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Water treatment worker Apprenticeships (0 found)

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Helping you find a career as a Water treatment worker

A water treatment worker cleans drinking water and maintains tanks and filters. They need to follow strict safety procedures when carrying out tasks such as monitoring water and gas levels.

Water treatment workers may have to pass a medical check - this is because they are interacting with water that people will drink.


What does a Water treatment worker do?
A water treatment worker uses sewer equipment and monitors water levels. A typical day for a water treatment worker will be:

- Using equipment to unblock and treat sewers
- Taking readings of water levels
- Recording the readings
- Adding chemicals to clean the water
- Cleaning tanks
- Maintaining water filters
- Monitoring gas levels
- Monitoring water levels
- Following safety procedures
Skills & interests required for a Water treatment worker
You'll need an ability to follow safety procedures, knowledge of operating machinery, excellent observation skills and hygiene, knowledge of health and safety, and the willingness to work in dirty and wet conditions.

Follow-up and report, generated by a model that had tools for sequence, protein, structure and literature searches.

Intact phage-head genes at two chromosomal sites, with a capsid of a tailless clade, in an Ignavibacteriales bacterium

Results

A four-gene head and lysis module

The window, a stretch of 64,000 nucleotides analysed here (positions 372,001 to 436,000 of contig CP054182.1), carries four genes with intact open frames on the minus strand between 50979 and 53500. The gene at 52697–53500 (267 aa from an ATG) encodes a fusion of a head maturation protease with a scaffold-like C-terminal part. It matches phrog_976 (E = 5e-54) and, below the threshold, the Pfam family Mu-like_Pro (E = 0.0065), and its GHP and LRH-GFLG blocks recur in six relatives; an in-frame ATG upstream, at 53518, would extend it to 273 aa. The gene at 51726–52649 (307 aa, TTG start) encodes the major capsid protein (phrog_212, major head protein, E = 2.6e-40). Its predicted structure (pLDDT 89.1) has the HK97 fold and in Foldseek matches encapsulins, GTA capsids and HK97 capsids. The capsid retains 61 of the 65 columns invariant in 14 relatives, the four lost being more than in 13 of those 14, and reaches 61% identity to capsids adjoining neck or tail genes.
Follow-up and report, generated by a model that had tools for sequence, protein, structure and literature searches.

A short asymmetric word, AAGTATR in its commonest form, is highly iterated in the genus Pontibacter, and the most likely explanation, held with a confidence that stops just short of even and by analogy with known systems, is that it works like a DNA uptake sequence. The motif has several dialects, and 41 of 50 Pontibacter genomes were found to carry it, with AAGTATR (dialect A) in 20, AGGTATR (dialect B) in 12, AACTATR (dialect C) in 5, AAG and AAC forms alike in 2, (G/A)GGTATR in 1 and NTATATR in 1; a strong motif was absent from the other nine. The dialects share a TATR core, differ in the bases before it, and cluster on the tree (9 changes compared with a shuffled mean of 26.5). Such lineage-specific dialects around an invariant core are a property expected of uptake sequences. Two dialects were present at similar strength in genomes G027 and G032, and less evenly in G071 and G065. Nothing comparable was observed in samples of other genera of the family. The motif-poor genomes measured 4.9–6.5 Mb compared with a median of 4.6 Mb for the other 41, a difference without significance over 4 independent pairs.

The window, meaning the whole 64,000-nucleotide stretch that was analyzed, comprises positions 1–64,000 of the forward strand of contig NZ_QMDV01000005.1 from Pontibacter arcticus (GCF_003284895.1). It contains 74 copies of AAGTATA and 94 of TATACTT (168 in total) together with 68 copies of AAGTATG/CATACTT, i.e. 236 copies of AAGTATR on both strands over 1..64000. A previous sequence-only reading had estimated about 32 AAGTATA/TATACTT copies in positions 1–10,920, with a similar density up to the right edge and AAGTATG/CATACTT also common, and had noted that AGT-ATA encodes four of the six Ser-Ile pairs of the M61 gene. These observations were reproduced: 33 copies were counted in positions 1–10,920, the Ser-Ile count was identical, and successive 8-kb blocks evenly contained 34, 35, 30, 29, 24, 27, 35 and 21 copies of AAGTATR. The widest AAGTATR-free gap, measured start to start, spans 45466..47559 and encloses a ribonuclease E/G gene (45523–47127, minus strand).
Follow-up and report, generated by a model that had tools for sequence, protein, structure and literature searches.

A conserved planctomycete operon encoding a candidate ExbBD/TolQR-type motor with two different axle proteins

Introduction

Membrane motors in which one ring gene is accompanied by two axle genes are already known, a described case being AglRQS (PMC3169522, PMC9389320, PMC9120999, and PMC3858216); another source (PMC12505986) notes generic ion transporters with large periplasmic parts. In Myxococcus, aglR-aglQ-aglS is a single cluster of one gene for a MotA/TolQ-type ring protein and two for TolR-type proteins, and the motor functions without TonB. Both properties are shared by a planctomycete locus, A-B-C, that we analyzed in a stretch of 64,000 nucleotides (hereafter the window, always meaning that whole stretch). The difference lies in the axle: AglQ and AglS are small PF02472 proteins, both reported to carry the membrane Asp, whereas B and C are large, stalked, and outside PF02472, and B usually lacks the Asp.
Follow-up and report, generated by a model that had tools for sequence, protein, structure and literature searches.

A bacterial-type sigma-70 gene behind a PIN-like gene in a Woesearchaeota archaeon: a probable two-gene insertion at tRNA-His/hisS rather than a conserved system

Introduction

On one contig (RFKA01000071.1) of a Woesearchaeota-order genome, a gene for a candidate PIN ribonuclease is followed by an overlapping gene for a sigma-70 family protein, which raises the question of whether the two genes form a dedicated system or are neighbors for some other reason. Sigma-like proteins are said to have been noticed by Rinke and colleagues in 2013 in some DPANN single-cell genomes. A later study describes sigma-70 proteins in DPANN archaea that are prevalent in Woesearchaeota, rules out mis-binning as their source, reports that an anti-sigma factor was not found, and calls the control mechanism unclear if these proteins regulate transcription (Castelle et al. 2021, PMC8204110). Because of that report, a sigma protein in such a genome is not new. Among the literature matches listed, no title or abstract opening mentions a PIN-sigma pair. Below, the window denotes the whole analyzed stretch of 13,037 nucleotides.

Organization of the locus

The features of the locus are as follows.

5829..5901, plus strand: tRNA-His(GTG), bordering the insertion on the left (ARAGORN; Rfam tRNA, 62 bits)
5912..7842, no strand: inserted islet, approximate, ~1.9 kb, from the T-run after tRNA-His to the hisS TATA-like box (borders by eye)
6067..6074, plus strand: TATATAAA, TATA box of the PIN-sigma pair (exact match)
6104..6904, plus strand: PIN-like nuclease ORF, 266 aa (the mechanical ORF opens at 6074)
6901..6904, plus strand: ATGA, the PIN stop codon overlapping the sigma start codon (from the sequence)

- Attention to detail
What hours does a Water treatment worker typically do?
Water treatment workers tend to work between 37 and 40 hours per week, including night and weekend shifts.
What environment is a Water treatment worker based in?
Control room or in the water treatment area.
How much does a Water treatment worker get paid?
A water treatment worker starting out is expected to earn between £14,500 to £18,000 per annum.

An experienced water treatment worker can earn between £25,000 to £32,000 per annum.

With further training, a water treatment worker can progress onto water engineer, with salaries beginning at £20,000 and reaching £30,000 per annum.
What qualifications does a Water treatment worker need?
There are no minimum qualifications needed for this role. But, if you have left school with a handful of GCSEs, you will have the upper hand when applying. GCSE grades 9 to 4 (A* to C) in English, maths and science can be an advantage.

Water treatment workers are expected to pass medical checks.

You could apply to short water supply and treatment courses (CPD), where you will learn about the technologies used to clean water and estimate water demand. You will also learn about the health risks relating to water supply. You could also gain work experience on building sites, which will give you some understanding of the health and safety involved in the industry.
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